Cleaning the house can be a complex business. Each room requires a different procedure and each surface requires different cleaning products. Here, we give you an overview of the products available for you to stock up your cleaning cupboard, and list those most essential.
There are basic specialised cleaning products, which should be in your cleaning store, as they are likely to solve most of your cleaning issues:
In addition to these specialised cleaning products, there are other cleaning materials that will help you clean your home or deal with most issues! Here we list six materials that everyone can use to have a clean home!
Remember, before using any new cleaning product or method, make sure to test it on a small, inconspicuous area first.
1. A Good Multi-Purpose Cleaner
Most small house cleaning jobs can be done with a dish sponge or cloth and a good multi-purpose cleaner like Jif Actifizz, or you can make your own cleaner by following these directions:
Take a couple of tablespoons of either distilled white vinegar or washing up liquid
Mix the above into about a litre or so of warm water
Shake thoroughly, and pour into a spray bottle of any kind.
You’re now equipped to handle almost any surface dirt.
2. A Mildly Abrasive Cleaning Agent
This will help you get rid of anything that you can’t get rid of with a multi-purpose cleaner, allowing you to scrub away stubborn dirt. Make sure whatever product you choose is not too abrasive, though, as it could cause scratching, especially on polished surfaces.
3. Washing Soda or Baking Soda
Baking soda is a great product to use when cleaning up, and it has the advantage of being able to effectively dissolve almost any dirt without being acidic, making it ideal for tiled surfaces where more acidic substances will eat into the grouting. It’s also a great tool in kitchen cleaning and bathroom cleaning.
Mix 3 parts of warm water to 1 part of baking soda to create a mixture that will be able to clean out the oven and the fridge.
Add some dishwashing liquid to the above mixture to create a thicker paste for bathroom cleaning.
Baking soda is also a great odour-eater. Put a small dish of baking soda in your fridge and this will keep out any unwanted smells. Remember to change this dish every month or so to keep your fridge smelling clean and fresh.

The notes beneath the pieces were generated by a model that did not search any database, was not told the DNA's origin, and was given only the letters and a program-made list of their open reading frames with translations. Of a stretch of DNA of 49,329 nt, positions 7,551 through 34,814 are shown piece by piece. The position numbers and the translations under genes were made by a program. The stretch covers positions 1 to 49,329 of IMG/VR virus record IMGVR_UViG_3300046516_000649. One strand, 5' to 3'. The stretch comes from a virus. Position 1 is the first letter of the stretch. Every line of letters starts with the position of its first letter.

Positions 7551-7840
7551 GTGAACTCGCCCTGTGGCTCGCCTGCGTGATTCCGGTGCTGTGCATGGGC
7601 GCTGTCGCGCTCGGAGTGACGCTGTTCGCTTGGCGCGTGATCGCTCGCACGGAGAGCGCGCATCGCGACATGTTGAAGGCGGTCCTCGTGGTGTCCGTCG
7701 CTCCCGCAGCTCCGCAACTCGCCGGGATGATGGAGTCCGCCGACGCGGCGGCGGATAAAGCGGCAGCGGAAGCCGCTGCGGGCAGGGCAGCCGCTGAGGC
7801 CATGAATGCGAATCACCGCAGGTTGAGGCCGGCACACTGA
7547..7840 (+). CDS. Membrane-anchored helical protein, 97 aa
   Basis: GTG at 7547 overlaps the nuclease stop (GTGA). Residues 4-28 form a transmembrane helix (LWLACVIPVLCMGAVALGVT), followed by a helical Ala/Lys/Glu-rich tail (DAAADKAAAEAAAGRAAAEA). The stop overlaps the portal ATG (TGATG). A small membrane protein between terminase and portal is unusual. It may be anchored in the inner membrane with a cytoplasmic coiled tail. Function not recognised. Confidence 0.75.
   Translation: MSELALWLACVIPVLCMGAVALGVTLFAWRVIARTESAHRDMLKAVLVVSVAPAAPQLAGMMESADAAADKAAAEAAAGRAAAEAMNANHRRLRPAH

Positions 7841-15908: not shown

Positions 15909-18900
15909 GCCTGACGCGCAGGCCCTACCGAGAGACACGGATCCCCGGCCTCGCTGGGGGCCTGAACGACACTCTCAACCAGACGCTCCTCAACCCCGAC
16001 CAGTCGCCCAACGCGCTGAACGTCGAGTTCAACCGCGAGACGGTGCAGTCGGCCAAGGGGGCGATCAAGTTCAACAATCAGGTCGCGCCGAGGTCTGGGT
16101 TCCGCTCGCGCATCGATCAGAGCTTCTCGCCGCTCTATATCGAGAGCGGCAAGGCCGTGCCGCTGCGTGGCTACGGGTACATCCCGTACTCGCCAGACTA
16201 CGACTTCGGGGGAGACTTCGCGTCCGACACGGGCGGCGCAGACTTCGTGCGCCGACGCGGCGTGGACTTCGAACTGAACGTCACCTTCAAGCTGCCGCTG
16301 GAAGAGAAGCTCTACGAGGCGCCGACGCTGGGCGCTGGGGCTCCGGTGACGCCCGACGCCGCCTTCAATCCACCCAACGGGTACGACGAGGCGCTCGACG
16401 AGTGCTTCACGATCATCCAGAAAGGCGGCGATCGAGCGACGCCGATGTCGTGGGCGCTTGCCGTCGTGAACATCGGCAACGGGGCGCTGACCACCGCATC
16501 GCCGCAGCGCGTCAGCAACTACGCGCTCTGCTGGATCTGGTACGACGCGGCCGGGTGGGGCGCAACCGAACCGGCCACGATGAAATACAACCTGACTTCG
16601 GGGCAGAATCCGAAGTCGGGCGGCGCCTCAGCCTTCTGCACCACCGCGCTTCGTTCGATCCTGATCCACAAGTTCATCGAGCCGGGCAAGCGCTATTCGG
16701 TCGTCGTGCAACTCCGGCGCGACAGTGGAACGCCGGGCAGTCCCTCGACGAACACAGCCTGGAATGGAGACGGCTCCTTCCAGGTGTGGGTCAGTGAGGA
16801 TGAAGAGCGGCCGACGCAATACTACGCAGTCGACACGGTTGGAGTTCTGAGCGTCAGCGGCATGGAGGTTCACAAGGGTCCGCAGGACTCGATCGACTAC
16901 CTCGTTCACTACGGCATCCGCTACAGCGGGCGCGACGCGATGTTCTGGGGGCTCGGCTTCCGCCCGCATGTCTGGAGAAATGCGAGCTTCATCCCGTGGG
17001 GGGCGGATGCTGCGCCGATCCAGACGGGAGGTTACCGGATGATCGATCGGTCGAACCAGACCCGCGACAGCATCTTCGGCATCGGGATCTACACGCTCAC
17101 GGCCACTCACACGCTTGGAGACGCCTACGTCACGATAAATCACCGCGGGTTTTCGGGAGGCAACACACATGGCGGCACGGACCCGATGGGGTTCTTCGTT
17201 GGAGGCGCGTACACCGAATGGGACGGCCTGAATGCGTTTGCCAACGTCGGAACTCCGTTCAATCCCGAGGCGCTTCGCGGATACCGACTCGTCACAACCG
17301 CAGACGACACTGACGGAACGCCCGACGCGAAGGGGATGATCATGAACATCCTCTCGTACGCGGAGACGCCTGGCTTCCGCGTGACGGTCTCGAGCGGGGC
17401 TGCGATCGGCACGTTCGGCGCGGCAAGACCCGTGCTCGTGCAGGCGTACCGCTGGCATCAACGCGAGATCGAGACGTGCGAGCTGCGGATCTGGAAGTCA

Washing soda can be used in the same way as baking soda, but note that it’s a lot more alkaline than baking soda. This means that it’s more powerful when tackling tough stains, like those in greasy ovens, but also possibly irritating to skin and eyes, so always wear rubber gloves and eye protection when using washing soda.
4. White Vinegar and Lemon Juice
White vinegar and lemon juice can be used for many of the same purposes as baking soda, and these two natural cleaning products have the added advantage of being able to cut through alkaline deposits like limescale and soap scum.
To efficiently clean glass and polished wood surfaces, mix equal parts of vinegar and water into a solution. Get rid of the smell afterwards by wiping over the surface with diluted lemon juice.
Lemon juice can be used to great effect in cleaning and deodorising drains: Simply mix up a solution of equal parts with water and pour it on down.
5. Rubber Gloves
This item shouldn’t need too much explaining! Rubber gloves are an excellent resource to avoid getting your hands too dirty and to prevent you getting any cleaning products on your skin when you are cleaning your house. It is ideal to have one pair of gloves for cleaning the kitchen (they are very useful when doing the dishes) and one pair for the bathroom – try getting different colours to make sure that you don’t mix them up!
6. Dish Sponges and Microfibre Cloths
Dish sponges and microfibre cloths will form an essential component of your cleaning arsenal. You can use these to clean up most surfaces. Dish sponges are great for heavy scrubbing jobs, while dampened cloths are excellent for any situation that requires more gentle attention. They’re also perfect for a final post-clean wipedown.
Microfibre cloths work best with nothing but a little water, because the tiny polyester and nylon fibres swipe even the smallest particles of dirt away. Find out how to clean dishcloths and sponges here.
Safety is key when using cleaning products. Ensure you wear appropriate protective clothing such as rubber gloves, follow the directions on the label of any product and test it in a small area first to check that it doesn’t damage your surface. Always ventilate the room when using strong chemical cleaners like bleach.